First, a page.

Serve up frittata hot or cooled
Every morning, when my son, Mark, is scheduled to work at the Keck Observatory, he has to take a 1 1/2-hour ride to the summit of Mauna Kea. About halfway up the hill, he and the other workers stop to make a hot breakfast at Hale Pohaku, a facility that provides services needed by the organizations which make up the Mauna Kea Observatories, including food and lodging for those who work up there.
This rest stop gives my son and his fellow commuters a chance to acclimate to the high altitude. Steve Garcia, one of the cooks, usually prepares pancakes, eggs, omelets and other dishes. Mark says he also prepares great fish and salsa. Garcia, an avid reader of the column, has requested that I come up with a recipe for the men who work at the observatories.
Since "real men don't eat quiche," I thought a frittata would be perfect. This is a tasty, healthy recipe and perfect for work at 13,000 feet. A frittata is a baked omelet with a medley of herbs and vegetables. I have also prepared this recipe with broccoli and potatoes. You can substitute any summer squash for the zucchini and spinach for the chard. The red Swiss chard gives a splash of red color. Because it is an Italian dish, I matched it with the Italian seasoning. You could substitute other seasonings, if you prefer. Serve it with whole-wheat french bread, or a multigrain toast. Steve could even serve it with his famous salsa. Leftover frittata can be sliced and served atop a salad, as in the Insalata Contadina at Cafe Sistina in Honolulu, or just munched at room temperature as a snack.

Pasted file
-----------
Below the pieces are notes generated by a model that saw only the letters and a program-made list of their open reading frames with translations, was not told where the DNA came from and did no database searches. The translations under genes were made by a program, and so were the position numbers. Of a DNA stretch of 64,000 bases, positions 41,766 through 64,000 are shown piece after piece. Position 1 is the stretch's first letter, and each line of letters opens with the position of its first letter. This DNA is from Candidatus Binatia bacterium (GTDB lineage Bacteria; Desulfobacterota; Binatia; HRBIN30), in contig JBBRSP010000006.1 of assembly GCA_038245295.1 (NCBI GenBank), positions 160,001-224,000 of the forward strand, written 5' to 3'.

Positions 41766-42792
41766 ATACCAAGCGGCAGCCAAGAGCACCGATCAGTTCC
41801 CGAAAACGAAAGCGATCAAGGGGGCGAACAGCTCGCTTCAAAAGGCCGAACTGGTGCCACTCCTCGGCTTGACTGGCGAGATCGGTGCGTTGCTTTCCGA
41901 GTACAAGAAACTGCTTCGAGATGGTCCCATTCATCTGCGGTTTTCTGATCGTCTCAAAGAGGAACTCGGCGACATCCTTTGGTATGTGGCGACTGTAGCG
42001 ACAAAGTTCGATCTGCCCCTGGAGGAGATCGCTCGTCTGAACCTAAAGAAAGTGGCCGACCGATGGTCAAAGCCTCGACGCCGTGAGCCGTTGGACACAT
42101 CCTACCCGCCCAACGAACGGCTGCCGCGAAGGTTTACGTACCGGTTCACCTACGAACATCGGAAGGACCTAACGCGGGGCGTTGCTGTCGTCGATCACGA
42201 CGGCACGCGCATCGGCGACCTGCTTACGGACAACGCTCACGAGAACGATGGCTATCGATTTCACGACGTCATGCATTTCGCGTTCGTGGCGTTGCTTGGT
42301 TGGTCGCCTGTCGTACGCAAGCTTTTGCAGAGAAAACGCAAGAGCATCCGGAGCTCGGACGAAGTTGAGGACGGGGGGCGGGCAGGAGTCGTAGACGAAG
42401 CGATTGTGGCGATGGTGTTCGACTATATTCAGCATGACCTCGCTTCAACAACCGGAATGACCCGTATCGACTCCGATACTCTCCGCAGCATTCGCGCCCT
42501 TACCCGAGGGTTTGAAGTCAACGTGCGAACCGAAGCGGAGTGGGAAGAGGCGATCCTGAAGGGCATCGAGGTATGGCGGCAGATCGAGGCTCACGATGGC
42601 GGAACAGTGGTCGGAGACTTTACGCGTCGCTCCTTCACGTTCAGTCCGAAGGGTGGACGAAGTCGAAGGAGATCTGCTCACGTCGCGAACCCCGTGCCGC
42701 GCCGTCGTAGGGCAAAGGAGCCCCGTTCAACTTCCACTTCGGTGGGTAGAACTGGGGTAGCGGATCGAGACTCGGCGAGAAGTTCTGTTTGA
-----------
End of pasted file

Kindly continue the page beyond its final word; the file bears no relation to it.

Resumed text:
ZUCCHINI-SWISS CHARD FRITTATA
Preheat oven to 350 degrees. Spray a nonstick skillet with olive oil. Saute the onion, garlic, chard and zucchini for 5 minutes, stirring occasionally. Remove from heat and allow vegetables to cool for 5 minutes. Beat eggs, then stir in egg substitute, pepper and Italian seasoning. Stir in the cheese and cooled vegetables. Pour frittata batter into a 9-inch pie pan sprayed with olive oil. Bake for 25-30 minutes or until puffed and browned. Serve hot.
Makes 6 servings.
Want a local recipe lightened up? Write Light & Local, Taste Section, The Advertiser, P.O. Box 3110, Honolulu, HI 96802 or email@example.com. Carol Devenot is a Kaimuki-raised kama'aina, teacher and recipe consultant, and author of "Island Light Cuisine" (Blue Sea Publishing, paper, 2003). Learn more at www.islandlightcuisine.com.
Reach Carol Devenot at firstname.lastname@example.org.